I don't come here often, so maybe it's not a widespread problem, but I've now had two almost identical comments (from the same user) rebuking me for making a poor decision months ago and asking about how to handle the consequences. Is that a thing here? Can it not be? Because it's unhelpful and frankly, I'm not feeling likely to ask more questions if that's the kind of response I'll get.
The comments are here, by DJClayworth. They seem to be born out of a general anti-credit view that pervades questions about loans -- the general assumption on the site is that everyone has savings and is capable of saving up a few grand for a car with no trouble, thus avoiding loans altogether (see, for example, these answers, which basically boil down to "don't get a loan", or the top answer here, which outright states "If you cannot buy a car outright with cash, you cannot afford it. Period."). For someone like me, who is underpaid and struggling with medical expenses, the whole "never ever take a loan" attitude seems unhelpful and harsh. Openly rebuking me for past mistakes just adds icing on the cake.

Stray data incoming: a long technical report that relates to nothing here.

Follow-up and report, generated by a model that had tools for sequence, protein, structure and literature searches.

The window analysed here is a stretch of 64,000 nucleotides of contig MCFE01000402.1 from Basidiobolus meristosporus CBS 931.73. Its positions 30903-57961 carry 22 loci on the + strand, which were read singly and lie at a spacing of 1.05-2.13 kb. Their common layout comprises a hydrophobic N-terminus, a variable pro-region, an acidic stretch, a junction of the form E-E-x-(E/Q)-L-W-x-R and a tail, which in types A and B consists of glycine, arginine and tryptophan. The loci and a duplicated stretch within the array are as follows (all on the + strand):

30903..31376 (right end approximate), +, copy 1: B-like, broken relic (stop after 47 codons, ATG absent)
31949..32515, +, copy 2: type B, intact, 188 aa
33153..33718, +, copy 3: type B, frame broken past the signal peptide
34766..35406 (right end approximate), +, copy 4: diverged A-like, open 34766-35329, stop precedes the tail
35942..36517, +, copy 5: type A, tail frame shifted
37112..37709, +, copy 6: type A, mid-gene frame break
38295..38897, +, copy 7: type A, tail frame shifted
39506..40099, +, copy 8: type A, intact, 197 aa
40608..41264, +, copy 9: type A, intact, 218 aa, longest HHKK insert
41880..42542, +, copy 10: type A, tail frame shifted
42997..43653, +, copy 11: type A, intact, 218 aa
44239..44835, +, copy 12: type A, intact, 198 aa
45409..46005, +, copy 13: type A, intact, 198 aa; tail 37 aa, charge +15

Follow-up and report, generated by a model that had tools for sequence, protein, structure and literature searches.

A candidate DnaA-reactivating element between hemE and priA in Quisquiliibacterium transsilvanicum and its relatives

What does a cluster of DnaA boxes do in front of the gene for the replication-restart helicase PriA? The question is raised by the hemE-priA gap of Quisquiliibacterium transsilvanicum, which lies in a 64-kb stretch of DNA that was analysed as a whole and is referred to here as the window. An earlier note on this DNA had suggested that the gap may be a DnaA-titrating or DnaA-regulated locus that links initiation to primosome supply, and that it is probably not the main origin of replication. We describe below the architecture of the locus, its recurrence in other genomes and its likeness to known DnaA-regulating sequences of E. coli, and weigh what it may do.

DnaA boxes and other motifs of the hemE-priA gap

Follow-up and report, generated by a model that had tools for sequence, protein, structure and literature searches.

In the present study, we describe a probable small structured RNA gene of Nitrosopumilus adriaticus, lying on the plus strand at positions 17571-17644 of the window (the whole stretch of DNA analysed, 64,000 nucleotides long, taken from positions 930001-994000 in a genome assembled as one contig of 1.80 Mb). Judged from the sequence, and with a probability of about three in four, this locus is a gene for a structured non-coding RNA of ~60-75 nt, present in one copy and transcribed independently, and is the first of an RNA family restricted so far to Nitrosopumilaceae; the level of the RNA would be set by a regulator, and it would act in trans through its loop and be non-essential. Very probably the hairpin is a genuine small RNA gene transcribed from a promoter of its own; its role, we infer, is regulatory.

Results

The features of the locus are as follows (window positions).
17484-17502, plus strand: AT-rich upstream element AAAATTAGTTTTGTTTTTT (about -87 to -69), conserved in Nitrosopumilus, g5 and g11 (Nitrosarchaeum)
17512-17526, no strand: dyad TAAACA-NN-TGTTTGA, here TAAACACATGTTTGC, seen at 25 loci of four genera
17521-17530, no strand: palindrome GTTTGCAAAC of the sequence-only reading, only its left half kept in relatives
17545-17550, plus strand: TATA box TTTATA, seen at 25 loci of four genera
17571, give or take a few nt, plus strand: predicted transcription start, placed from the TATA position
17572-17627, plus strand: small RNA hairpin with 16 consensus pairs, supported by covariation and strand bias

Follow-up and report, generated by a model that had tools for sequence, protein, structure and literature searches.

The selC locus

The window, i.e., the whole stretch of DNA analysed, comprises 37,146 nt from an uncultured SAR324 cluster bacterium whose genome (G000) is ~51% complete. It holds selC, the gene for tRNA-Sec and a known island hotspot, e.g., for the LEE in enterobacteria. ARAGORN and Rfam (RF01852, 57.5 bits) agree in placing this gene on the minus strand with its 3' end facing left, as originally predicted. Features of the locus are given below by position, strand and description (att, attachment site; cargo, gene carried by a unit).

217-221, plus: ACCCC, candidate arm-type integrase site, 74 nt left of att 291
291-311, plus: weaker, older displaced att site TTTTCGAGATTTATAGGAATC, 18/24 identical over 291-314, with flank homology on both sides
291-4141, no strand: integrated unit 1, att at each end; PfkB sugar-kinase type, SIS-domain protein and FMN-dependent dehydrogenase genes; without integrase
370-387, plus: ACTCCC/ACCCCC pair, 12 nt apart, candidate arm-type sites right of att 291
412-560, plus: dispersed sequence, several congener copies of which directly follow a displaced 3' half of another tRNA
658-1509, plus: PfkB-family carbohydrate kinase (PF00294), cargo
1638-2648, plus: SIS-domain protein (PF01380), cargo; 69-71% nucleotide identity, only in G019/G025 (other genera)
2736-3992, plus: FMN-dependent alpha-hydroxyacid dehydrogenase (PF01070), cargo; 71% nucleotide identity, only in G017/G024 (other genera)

And because I feel like I have to defend myself: Without a car, I could have no income at all. By the time I managed to find a job, my savings were gone and I'd already borrowed money from relatives to try and make ends meet. I was lied to by the dealership (they quoted me a significantly smaller APR than was on the paperwork I signed then backed me into a corner about signing it) and didn't anticipate my medical bills being so high (since I didn't have insurance at all yet, I was not getting treatment for my problem; my insurance has the highest copay any of my doctors have ever seen, but what else can I do, not get better?). This job is awful in terms of compensation, but it's on contract so in a few months I'll be able to get a better one, and at least I have food on the table. My situation is not uncommon in these current troubling times, but it seems like a lot of answers assume much better economic conditions.